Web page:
After working out of a kitchen, a garage and an office above a delicatessen, in 2005 the firm moved to respectable offices in Menlo Park and now has professionals working in Seattle, Boston and Washington D.C.

Despite record-low interest rates and expected returns, Dr. Biller is pleased – as are his clients – that year-to-date performance is comfortably in the black and on the way to meeting their funding requirements.

Alan Biller would be the last to claim that his advice or management alone explains that success.  Good board governance has certainly played a key role.

Nonetheless, the trust his clients have reposed in him for almost forty years speaks for itself.

A Conversation with Dr. Biller

Skorina:

Alan, you deal with prospective OCIO clients on a daily basis.  What do you think is driving the growth in this niche?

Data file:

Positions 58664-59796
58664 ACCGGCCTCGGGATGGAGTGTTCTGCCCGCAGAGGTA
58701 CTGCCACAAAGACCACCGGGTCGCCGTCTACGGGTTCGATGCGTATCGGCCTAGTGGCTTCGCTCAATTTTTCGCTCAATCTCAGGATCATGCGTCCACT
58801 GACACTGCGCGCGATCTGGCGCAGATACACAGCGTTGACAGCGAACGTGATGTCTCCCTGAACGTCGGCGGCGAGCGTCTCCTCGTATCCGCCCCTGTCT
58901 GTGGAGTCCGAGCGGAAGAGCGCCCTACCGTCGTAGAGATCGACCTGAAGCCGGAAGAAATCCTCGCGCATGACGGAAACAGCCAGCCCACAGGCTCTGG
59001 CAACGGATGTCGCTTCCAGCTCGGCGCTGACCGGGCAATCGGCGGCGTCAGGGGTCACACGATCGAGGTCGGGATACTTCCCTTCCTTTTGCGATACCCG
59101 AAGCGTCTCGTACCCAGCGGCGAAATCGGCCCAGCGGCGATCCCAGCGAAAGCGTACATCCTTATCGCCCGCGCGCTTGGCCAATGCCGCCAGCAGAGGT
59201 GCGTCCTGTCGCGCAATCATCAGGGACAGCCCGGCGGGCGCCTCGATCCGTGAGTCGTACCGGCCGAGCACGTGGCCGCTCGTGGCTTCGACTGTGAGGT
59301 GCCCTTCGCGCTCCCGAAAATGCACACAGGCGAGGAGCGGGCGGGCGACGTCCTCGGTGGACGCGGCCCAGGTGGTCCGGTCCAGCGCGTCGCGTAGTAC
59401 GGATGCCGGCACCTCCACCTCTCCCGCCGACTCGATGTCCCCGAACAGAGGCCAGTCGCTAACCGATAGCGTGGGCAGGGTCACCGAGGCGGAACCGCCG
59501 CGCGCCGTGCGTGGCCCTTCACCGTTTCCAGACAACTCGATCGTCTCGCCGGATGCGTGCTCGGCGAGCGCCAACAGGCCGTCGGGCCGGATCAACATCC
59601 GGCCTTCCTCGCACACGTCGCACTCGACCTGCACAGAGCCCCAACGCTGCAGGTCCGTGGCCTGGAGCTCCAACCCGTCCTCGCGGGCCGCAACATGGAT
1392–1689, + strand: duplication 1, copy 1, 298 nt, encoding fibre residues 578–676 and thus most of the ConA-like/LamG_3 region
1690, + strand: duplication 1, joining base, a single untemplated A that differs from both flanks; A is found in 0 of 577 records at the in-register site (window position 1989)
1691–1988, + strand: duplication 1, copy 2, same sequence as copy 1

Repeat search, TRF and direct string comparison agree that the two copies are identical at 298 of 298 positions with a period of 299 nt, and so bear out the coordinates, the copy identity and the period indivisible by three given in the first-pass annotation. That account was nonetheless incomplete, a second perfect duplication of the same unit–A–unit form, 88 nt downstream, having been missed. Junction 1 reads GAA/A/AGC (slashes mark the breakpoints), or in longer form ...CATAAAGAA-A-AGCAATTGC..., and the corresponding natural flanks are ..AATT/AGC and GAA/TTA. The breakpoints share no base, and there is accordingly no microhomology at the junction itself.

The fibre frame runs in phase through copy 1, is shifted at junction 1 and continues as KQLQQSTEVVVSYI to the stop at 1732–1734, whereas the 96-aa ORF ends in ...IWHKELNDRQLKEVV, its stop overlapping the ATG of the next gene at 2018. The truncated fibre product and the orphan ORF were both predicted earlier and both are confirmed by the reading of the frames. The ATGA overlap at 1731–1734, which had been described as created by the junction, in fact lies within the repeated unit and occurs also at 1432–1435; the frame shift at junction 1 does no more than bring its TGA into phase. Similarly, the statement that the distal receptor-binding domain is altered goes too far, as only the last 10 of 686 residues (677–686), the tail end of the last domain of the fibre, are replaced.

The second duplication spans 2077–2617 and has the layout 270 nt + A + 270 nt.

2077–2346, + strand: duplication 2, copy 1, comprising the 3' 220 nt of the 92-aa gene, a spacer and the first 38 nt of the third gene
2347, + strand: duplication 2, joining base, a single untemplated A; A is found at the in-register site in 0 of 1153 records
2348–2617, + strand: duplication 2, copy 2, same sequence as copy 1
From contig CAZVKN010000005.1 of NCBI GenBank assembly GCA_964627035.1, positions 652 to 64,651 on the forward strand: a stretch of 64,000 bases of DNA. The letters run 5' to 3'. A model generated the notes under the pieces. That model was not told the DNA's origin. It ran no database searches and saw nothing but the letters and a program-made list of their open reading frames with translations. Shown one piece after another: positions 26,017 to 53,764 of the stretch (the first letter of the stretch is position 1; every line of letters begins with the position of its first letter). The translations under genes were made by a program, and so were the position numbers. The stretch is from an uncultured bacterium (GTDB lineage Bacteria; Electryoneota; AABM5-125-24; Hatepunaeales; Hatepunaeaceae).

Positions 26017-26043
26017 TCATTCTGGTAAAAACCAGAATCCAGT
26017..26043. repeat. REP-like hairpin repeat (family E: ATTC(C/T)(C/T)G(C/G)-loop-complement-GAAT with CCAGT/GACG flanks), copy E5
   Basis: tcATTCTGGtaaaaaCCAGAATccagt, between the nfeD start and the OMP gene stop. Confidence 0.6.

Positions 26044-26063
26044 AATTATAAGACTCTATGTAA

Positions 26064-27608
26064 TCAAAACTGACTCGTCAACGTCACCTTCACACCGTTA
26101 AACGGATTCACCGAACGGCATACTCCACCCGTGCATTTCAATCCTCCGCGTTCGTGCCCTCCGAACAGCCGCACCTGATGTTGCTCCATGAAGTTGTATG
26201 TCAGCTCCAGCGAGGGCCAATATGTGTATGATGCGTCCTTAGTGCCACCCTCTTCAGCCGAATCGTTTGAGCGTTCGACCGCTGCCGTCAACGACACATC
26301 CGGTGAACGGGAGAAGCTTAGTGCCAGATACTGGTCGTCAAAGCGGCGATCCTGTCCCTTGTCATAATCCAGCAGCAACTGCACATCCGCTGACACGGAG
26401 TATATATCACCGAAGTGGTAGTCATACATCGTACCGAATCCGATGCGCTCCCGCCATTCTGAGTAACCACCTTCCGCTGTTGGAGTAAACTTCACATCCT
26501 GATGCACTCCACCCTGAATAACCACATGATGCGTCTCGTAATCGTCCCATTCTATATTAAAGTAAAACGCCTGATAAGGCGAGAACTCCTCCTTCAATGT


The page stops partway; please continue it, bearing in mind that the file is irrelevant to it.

Biller:

The effort by corporate pensions to de-risk and off-load their retirement liabilities probably accounts for the lion’s share of the AUM growth.

U.S. private pensions totaled about $25 trillion in assets as of year-end 2016 and endowments, foundations, health systems, charities, etc., account for maybe a tenth of that: $2 to $2.5 trillion.

So, that big jump you see in your list is bifurcated.  The growth rate for pension assets is probably well over 21 percent. The growth rate in E&F is, I suspect, more modest than that.

Pension investors can’t go to their employees for more money to meet unanticipated expenses, and they have no flexibility over distribution.